The geriatric population has often been the subject of research by Assoc. Prof. Donald S. Lipardo, Ph.D., a faculty member of the UST College of Rehabilitation Sciences. Among the elderly, he explains that falling is a common accident that leads from minor to major physical injuries, or even death. The aging process which involves factors like blurring vision, decreasing muscle strength, declining reaction times, problems with standing balance, and decreasing walking speed can put older adults at risk of falling. Mild Cognitive Impairment (MCI) can also predispose them to fall, explained Lipardo in an online interview.
This study on the risk of falling among the elderly was presented during the 11th Metro Manila Health Research and Development Consortium Annual Scientific Conference (MMHRDC) held on October 21, 2020.
“[The study] was conducted to look into the possibility that older persons with MCI are more vulnerable to experience fall because the bodily and physical risks of falling are more prominently seen among them compared to other older persons with normal cognitive function,” Lipardo explained.
Garnering third place in the Oral Research Presentation Competition for his work which was titled “Physiological and physical risks of falling in community-dwelling older adults with and without mild cognitive impairment: A cross sectional study”, Lipardo explained how this went.
His team was able to find 230 older adults who consented to participate in the study, and from this group it was found that those with decreased cognitive function, even if it was just a mild form, were possibly at greater risk of falling because some of their bodily functions such as visual sensitivity, reaction time, control of balance in standing were significantly lower compared to their peers with normal cognitive ability.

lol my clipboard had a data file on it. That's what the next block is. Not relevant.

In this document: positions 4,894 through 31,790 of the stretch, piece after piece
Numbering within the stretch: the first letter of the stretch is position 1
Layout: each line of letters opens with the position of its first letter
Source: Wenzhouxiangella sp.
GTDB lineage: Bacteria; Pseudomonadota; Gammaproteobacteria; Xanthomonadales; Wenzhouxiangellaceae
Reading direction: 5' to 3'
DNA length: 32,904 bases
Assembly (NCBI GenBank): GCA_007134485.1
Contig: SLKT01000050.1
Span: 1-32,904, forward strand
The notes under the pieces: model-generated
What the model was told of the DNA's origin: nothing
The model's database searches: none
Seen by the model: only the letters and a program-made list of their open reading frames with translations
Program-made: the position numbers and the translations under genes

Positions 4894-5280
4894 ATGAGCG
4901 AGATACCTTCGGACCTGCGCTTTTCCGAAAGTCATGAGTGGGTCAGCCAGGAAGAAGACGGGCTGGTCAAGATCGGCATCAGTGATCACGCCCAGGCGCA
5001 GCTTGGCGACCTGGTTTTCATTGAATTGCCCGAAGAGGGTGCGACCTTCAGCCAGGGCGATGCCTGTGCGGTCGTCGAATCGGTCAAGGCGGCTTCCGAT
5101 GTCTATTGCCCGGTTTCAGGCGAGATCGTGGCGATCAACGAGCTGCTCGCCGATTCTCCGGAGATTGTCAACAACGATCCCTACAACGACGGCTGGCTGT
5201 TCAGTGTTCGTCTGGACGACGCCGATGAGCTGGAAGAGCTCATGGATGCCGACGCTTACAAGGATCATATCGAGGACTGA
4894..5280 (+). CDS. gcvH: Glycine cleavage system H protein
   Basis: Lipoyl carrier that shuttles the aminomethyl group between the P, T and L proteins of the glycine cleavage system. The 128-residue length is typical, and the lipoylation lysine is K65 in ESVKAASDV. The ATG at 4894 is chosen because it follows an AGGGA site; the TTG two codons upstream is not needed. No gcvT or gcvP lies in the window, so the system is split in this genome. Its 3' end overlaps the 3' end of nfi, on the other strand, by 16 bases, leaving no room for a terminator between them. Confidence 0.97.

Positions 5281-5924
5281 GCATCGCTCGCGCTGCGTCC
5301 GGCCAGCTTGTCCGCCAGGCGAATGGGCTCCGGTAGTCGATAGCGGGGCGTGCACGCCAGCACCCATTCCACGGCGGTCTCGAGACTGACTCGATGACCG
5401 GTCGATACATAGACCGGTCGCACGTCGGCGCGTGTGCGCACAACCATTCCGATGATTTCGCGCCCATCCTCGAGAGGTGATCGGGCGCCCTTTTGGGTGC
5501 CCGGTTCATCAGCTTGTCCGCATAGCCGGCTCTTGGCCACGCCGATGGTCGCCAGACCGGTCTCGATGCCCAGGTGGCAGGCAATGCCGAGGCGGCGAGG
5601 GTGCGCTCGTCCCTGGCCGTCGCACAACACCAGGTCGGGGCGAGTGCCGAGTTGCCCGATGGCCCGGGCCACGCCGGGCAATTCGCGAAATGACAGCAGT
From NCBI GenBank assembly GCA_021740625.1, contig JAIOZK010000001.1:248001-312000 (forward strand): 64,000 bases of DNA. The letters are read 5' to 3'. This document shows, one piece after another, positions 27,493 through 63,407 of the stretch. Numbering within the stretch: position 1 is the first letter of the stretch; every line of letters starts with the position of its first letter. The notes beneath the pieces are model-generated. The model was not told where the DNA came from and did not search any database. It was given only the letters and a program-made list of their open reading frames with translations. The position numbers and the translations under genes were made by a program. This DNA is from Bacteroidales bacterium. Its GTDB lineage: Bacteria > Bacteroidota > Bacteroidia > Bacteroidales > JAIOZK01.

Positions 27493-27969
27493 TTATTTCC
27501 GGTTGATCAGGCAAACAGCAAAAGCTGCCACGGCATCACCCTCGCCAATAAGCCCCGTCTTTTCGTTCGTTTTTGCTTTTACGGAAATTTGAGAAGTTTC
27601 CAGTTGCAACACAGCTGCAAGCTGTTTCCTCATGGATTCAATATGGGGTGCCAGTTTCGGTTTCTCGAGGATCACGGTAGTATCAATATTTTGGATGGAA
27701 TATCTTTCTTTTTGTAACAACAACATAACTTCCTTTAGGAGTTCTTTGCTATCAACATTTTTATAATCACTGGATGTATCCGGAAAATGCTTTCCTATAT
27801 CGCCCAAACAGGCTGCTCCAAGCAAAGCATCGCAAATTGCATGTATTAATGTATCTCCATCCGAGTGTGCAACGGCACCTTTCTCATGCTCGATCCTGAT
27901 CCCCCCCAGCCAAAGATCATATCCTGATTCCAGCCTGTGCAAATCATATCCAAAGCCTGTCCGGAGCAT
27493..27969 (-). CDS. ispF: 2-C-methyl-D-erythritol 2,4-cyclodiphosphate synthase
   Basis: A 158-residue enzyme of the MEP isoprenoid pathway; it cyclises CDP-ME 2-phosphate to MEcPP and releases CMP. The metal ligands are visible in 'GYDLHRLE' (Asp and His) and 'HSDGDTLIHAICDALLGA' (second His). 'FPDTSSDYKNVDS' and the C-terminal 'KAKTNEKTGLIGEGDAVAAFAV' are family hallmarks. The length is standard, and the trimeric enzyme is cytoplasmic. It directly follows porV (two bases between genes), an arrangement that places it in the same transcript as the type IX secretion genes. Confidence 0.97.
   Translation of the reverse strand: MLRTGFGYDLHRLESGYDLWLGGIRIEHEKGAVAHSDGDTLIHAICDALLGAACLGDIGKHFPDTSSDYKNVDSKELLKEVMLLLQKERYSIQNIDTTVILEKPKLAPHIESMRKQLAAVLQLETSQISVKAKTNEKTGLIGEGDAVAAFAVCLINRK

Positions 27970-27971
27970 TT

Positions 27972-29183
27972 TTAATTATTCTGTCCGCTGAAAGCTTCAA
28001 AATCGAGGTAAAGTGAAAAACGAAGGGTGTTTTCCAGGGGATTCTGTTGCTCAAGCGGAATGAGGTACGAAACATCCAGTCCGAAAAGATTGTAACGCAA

“This means that we need to be more proactive by keeping these body functions optimal among older persons, particularly those with cognitive problems, to minimize their risk of falling and prevent them from incurring a fall,” recommended Lipardo.
Noting that the geriatric population is one of the sectors that has been greatly affected by the lockdown due to the pandemic, Lipardo stressed the importance of remaining physically active even when one is simply at home.
“To improve their standing balance and leg muscle strength, [older adults] can do a series of exercises near a stable chair or table such as marching-in-place, partial squats, lunges, heel, and toe raises, stepping forward/backward/sideward, sit-to-stand for about 20-30 minutes per day for three times a week. It could be done with family members around so that it could also be a fun family-bonding session,” he said.
Currently a researcher for the UST Center for Health Research and Movement Science (CHRMS), Lipardo has been a licensed physical therapist for the past 21 years. In the last decade of researching with his students and interns where they recruit older adults as participants, he noticed that senior citizens have not been given enough attention on how they can experience a more active and healthy journey in life as they age. It was this realization that prompted him to decide to be in the field of Geriatric Rehabilitation, a relatively new field of specialization in Physical Therapy.